Update (January 16, 2019): The cotton sprouts growing on the moon have died. They did not survive lunar night, which can reach -173 °Celsius. Mission planners didn't expect the plants to live, Newsweek reports.
There’s cotton growing on the far side of the moon—the first time plants have sprouted there. On January 3, a lunar lander called Chang’e-4 touched down on the moon, deploying a rover to explore lunar terrain. The lander also carries a container filled with soil and cotton and potato seeds, and the cotton seeds are now sprouting, an image released by the China National Space Administration today (January 15) shows. The image was published on the People’s Daily, China twitter feed, which is run by the country’s state-owned media group.
“Learning about these plants’ growth in a low-gravity environment...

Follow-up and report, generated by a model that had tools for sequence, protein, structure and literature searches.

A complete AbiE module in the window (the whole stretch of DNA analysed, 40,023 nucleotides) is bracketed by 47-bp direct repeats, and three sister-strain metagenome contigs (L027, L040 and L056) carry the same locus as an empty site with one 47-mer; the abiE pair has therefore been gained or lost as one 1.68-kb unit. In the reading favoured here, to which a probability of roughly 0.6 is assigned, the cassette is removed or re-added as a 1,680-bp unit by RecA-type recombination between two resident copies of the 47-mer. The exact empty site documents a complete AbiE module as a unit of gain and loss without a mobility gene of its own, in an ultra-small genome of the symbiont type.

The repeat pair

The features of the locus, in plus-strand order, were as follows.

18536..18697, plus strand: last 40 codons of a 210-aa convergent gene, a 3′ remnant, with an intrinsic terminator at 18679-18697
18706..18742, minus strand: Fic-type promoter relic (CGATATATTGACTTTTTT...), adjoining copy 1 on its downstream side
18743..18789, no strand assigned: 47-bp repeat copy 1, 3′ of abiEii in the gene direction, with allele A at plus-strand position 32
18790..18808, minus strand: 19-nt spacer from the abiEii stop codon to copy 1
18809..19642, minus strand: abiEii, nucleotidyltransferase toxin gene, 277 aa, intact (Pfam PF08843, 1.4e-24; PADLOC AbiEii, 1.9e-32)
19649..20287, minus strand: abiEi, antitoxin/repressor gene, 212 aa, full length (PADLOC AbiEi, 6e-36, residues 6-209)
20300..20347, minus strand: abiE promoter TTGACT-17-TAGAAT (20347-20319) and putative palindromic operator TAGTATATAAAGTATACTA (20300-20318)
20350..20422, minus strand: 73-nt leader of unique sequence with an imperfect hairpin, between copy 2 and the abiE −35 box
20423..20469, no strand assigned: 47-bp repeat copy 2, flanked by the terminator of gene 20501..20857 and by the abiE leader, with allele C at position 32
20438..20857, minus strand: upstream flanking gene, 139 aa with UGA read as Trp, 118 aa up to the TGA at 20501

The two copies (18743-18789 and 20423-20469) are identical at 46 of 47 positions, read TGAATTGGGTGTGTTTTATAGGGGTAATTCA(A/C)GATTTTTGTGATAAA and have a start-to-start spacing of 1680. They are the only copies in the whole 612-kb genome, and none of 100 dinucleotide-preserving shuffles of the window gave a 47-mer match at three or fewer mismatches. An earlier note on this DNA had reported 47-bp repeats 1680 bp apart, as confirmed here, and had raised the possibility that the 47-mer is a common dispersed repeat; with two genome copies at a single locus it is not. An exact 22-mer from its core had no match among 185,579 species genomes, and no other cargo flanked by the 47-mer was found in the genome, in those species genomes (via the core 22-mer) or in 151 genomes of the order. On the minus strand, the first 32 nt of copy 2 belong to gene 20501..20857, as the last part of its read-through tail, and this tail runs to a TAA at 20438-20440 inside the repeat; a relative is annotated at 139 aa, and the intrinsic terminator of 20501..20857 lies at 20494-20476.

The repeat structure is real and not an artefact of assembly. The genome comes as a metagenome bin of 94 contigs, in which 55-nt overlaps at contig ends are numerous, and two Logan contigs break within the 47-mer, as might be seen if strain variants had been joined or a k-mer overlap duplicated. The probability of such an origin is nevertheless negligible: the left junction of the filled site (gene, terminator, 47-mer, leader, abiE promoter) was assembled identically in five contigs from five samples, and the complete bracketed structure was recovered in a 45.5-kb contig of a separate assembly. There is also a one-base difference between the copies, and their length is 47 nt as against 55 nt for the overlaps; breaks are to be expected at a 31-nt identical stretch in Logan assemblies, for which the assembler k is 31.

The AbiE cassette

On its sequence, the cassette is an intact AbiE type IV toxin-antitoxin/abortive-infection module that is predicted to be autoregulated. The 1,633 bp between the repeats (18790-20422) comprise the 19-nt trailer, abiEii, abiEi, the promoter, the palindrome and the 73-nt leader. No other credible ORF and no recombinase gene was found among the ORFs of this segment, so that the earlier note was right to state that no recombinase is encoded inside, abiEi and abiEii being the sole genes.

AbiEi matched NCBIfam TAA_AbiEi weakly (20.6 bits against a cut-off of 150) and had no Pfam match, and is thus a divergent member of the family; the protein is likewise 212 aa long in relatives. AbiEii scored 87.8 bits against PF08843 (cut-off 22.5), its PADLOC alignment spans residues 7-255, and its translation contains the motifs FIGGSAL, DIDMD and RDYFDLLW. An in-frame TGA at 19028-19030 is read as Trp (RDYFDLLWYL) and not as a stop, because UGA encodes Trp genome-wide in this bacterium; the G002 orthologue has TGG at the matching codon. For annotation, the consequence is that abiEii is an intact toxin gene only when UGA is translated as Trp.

Researchers have been working on several projects to grow plants on the international space station as a step toward understanding how they would grow on the moon. This is the first time that scientists have gotten seeds to sprout there. The soil and seeds are secured in an airtight container designed to maintain a temperature of 25 °C. There’s also rapeseed, Arabidopsis, and potato in the soil in the container, along with yeast and fruit fly eggs. The organisms have access to air, water, and other nutrients to help them grow and act as a biosphere, with the yeast decomposing the dead plants and fly waste while serving as food for the flies.
The sprouting is “good news,” Fred Watson, the Australian Astronomical Observatory’s astronomer-at-large, tells the BBC. “It suggests that there might not be insurmountable problems for astronauts in [the] future trying to grow their own crops on the moon in a controlled environment.”